How many kinds of animals were in the stable? Answer: no clue. There might have been oxen, donkeys, or both. Again, no animals – not even sheep – are ever mentioned there. We can reasonably assume that some animal (if only their own) kept them company, but we don’t know how many. And as previously stated, we can’t be sure there was any real stable or separate structure for the animals at all.
How many wise men were there? Answer: more than one, but that’s all we know. They’re called wise men (the plural magi in Greek). There might have been two lone travelers; there might have been ten with a caravan. (In some eastern versions of the story, there are twelve.) There could’ve been “three wise men” as everyone assumes, but this idea comes only from the gifts mentioned: gold, frankincense, and myrrh. There is no mention of their numbers, and certainly nothing of the later tradition that calls them Melchior, Caspar, and Balthazar.
Did the wise men arrive at the manger before or after the shepherds? Answer: the wise men never came to the manger. King Herod directed them to Bethlehem after Jesus was already born. They came to Joseph and Mary’s house, probably months later. Herod ordered the murder of every baby younger than two, which suggests that Jesus was a toddler by the time the wise men saw him.
Oh, and there was no little drummer boy. Sorry, kids, that’s just a song. (But I assume most of you knew that.)
My point in all of this is that we may not know as much about the story of Christ as we think. And too many of us resist the truth because we prefer the popular version we’re familiar with. But Christians should seek the truth in all things, great or small. It’s far better that we correct our own errors than let cynics and non-believers do it. Otherwise, how can we convince the world of the Gospel? How can we even be sure that we believe in the right things, if we can’t accept the truth about shepherds and donkeys? We should never be so attached to an idea that we continue clinging to it for old time’s sake when we know that it’s wrong.
There’s a great old John Wayne flick in which a reporter learns the boring truth about a famous killing and promptly states his intentions to ignore the truth and “print the legend.” His only interest was selling papers. But we shouldn’t care so much about what’s popular, comfortable, or even nice. We should care about the truth, especially in matters of faith. Even those who don’t believe the “religious” truth about Christmas can be honest about what it actually teaches. We shouldn’t misrepresent the story itself.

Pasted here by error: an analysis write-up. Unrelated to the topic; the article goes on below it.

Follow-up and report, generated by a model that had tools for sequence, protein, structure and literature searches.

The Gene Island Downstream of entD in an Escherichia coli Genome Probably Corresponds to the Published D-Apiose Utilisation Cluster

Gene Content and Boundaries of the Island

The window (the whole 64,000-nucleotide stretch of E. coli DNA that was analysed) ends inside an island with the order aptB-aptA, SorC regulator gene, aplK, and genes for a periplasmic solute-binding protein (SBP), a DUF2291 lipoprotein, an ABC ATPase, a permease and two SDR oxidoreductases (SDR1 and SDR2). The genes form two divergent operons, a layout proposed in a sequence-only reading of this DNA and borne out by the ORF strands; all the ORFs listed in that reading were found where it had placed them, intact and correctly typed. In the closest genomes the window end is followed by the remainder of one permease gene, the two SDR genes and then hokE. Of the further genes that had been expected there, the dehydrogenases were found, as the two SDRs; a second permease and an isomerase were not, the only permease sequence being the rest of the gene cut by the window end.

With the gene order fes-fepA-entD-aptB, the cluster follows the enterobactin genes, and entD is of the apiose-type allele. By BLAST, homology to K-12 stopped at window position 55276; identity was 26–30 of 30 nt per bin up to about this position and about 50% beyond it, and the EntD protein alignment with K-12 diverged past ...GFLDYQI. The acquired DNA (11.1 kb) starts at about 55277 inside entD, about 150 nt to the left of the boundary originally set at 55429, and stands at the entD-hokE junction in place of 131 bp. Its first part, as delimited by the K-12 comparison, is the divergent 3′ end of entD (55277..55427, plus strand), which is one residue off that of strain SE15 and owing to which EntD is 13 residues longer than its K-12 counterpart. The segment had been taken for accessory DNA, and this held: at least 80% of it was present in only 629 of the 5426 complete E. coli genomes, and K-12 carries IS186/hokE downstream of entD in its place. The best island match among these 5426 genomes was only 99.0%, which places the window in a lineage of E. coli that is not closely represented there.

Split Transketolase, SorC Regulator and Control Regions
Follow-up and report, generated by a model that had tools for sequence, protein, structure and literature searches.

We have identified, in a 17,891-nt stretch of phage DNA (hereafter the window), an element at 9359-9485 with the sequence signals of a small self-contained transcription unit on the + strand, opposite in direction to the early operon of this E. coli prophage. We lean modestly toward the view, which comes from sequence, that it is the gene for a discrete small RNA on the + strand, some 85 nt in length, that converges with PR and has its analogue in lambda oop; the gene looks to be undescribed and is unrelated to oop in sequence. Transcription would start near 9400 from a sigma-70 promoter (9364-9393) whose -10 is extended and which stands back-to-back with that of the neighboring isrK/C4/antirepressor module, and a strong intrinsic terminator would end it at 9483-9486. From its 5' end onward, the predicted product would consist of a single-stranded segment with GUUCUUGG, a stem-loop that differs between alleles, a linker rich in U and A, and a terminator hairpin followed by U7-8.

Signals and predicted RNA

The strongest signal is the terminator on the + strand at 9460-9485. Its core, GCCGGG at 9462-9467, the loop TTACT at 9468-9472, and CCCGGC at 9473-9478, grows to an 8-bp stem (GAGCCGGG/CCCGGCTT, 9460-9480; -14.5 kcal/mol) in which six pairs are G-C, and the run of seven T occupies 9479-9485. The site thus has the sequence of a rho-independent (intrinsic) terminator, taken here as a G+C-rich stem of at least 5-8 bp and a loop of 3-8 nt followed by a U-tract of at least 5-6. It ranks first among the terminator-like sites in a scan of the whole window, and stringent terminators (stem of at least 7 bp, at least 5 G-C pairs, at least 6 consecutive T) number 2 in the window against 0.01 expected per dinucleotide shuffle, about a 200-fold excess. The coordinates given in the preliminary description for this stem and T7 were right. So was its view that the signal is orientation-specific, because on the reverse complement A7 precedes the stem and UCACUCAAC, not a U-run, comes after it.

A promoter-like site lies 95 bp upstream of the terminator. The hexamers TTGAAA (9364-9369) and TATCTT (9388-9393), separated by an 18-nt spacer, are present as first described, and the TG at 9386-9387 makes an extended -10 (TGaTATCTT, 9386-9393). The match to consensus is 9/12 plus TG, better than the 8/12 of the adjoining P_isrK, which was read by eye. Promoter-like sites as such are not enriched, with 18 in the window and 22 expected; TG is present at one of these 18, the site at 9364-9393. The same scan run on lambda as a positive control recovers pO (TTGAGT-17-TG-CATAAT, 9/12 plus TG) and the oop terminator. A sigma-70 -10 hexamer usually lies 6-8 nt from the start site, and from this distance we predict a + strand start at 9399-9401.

So what is the Christmas story? On some very basic level, everyone understands that Christ came to show God’s love for mankind. But if we ask how, the message becomes confused. We all want to believe that God loves us. We all like babies. (Well, most of us.) We appreciate the humility of the manger scene for bringing God “down to our level.” We’re stirred by the thought of the divine becoming human and walking among us, perhaps even to the point of giving Himself as a sacrifice. But Christmas – like Christianity – becomes rather schmaltzy and superficial if we don’t understand or emphasize the reason for the coming or the sacrifice.
One of the richest women in the world has said (and I might be paraphrasing here) that Jesus came not as our only way to God, but so that he could “show us how to be.” But is that the Christian message? Did Jesus come primarily to be an example? For the answer, we should turn to Jesus himself.
According to Jesus, he didn’t come to overturn the Old Testament – as we so often hear – but to fulfill it (Matt 5:17) by obeying the Law and accomplishing all that the prophets said he would. For what purpose? So that he might seek and save the lost (Luke 19:10). How would he seek them? By bearing witness to the truth (John 18:37) and preaching the good news of God’s kingdom (Luke 4:43). And how would he save them? By giving his life as a ransom for many (Matt. 20:28) in order that we might have life abundantly (John 10:10). In what way? By saving the world through himself, rather than judging or condemning them (John 3:17; 12:47). To what earthly end? To reveal the truth to the “blind” and conceal it from those who only “see” what they want (John 9:39); to send fire on the earth (Luke 12:49) by inevitably producing division and persecution, rather than peace (Matt 10:34).
Of course, that doesn’t mean that Jesus wanted to start a war; but the world’s reaction to his coming would be to do it themselves. Everybody knows the old King James passage from Luke 2:14: “peace on earth, good will toward men” (also heard in at least one classic Christmas song, “I Heard the Bells On Christmas Day”). But in the original Greek, it actually says something like “peace among those with whom he is pleased” (to quote the ESV). In other words, the angels spoke of an inner peace that Christians should have and share with the rest of the world. We were never told to expect world peace and in fact should expect the opposite. That much has certainly proven true.